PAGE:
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We here make an exception of such close relationships as would have a demand upon us in accord with the Apostle’s words, “He that provideth not for his own, … hath denied the faith.” In general—outside of the exceptions above—we are to apply the Apostle’s words, “As we have opportunity let us do good unto all men, especially unto those who are of the household of faith.” (Gal. 6:10.) Next to the household of faith should come our more distant relatives.

Of course, from the standpoint of the New Creation, the new relationship, the members of the Body of Christ would be members of our own household, and their temporalities would be in some measure our responsibility. We are, however, living in a time not the same as that in which our Lord lived; now, there are public charities; for this reason this passage would not apply with the same force as when the Apostle spoke these words. One would be making proper provisions, sometimes, when he paid his share of the taxes toward the general weal; and it might, perhaps, be necessary to avail himself of a share in those benefits, either on his own account later, or on account of some of his own friends—members of his family.


Christ is the Head of His own household. He does not intend that His people shall be unnecessarily burdensome to each other, but each should feel a responsibility in respect to others and gladly lend a helping hand to strengthen, encourage and bless, “building each other up in the most holy faith.” It evidently was the intention of our Lord to draw together His followers as a new family, a new household, the “household of faith.” Hence, we find the repeated injunction and encouragement for mutual fellowship, mutual helpfulness and regular association, with the promise that where two or three meet in the Lord’s name He will be specially present with them to grant a blessing; and that His people should not forget the assembling of themselves together.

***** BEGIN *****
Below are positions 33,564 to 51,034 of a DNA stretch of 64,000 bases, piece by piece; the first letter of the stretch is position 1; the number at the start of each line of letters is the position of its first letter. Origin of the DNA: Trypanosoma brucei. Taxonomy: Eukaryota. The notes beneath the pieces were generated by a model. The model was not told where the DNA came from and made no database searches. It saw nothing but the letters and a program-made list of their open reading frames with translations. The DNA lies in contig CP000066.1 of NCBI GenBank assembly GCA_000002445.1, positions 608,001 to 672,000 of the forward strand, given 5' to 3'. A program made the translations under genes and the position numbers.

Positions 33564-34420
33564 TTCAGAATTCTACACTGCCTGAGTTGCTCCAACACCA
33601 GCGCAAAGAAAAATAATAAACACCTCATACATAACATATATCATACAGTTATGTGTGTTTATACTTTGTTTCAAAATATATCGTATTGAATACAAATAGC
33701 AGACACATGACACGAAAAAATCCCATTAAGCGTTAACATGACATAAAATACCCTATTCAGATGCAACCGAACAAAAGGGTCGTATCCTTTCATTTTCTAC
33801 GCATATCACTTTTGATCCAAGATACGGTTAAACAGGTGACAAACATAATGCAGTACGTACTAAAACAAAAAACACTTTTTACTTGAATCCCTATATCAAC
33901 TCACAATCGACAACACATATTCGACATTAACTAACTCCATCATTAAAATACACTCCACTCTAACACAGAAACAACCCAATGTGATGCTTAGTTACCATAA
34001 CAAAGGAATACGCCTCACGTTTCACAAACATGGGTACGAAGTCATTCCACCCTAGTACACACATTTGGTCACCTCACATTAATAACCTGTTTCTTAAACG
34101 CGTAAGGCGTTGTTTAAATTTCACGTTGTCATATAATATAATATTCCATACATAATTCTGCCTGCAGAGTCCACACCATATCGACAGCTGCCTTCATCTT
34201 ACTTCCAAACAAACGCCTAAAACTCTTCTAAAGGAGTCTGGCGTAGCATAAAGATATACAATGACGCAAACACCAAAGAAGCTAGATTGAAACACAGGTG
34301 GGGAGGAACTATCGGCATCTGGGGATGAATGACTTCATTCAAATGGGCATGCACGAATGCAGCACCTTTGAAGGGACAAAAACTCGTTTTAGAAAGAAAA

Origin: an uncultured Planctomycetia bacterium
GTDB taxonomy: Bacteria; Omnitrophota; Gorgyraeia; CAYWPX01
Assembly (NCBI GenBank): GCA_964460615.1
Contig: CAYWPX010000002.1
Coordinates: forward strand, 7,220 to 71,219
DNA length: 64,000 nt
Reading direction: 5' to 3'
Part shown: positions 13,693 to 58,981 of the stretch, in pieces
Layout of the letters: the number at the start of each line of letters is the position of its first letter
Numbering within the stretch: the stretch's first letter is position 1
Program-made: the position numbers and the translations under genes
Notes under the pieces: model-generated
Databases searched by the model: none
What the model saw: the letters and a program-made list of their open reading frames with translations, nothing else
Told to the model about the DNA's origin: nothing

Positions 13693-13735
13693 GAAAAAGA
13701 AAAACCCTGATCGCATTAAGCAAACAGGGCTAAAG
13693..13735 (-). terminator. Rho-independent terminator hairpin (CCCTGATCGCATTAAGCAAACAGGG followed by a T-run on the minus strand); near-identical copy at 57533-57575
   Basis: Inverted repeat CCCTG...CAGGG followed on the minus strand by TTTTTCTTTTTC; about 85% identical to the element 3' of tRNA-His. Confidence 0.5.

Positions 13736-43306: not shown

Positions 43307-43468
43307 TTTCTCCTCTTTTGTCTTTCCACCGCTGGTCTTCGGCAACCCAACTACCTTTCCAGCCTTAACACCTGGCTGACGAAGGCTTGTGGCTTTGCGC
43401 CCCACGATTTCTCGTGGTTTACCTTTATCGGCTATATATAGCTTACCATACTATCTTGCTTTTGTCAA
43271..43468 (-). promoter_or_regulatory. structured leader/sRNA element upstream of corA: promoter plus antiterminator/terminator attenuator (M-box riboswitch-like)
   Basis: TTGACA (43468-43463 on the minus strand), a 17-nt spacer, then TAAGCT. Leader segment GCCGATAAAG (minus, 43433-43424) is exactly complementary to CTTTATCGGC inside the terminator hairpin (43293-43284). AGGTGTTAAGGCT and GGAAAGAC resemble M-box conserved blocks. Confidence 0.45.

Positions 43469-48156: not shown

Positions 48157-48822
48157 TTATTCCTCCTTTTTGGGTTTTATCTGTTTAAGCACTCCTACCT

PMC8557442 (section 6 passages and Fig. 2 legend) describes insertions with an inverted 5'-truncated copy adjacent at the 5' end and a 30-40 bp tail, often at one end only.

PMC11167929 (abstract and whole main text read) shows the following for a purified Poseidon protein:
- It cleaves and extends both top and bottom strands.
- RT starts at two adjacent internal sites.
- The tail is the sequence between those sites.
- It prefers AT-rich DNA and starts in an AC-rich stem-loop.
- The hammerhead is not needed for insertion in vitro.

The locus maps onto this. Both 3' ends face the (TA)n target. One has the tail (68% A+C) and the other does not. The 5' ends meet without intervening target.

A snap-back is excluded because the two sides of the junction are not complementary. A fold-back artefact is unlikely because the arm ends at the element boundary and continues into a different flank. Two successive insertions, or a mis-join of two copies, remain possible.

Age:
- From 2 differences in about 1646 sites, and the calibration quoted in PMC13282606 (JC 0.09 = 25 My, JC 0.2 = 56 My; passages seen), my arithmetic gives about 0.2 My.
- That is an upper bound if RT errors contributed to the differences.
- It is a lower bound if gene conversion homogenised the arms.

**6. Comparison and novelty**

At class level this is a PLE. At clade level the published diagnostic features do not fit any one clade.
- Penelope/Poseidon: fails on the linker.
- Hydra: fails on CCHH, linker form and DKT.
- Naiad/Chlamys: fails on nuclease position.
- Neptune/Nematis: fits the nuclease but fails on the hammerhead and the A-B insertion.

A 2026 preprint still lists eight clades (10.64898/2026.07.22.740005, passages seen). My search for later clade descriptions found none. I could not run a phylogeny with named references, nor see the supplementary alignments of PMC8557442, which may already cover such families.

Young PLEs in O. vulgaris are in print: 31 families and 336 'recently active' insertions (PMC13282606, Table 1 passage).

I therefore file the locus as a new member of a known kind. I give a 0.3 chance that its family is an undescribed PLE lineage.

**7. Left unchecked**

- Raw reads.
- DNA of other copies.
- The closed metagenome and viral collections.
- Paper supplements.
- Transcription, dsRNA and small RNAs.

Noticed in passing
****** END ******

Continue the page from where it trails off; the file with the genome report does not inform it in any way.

Returning to our text we note that the Apostle says that one neglecting his obligations to his own family would be denying the faith. The faith that we profess is not merely a faith in certain things that we are getting, but it affects also matters of propriety, our character, all of life’s affairs in general. We profess to love God more than others love Him. We profess to love our neighbor as ourselves. We profess to take this as our standard. If a man’s responsibility to his neighbor is that he love him as himself, then this would bear in with double force as to his own family. If one is derelict there, he is misrepresenting the doctrines of Christ which he professes. To live contrary to the doctrines one professes would be to deny his faith. And so one who would live in violation of these recognized standards of life would be living below the world instead of above the world.

As for denying the faith, the thought is that there would be a lack of love, of sympathy, regarding the interests of the ones neglected and, therefore, a denying of the faith to that extent. What a perfect example of unselfishness we have in our Master, who, when in the greatest of trouble and anguish, was thinking sympathetically of others! We notice His provision for the welfare of His mother, whom He consigned to the care of the loving John, thus showing our Lord’s approval of the noble characteristics displayed by John in pressing near to his Master in this trying hour!


— July 15, 1911 —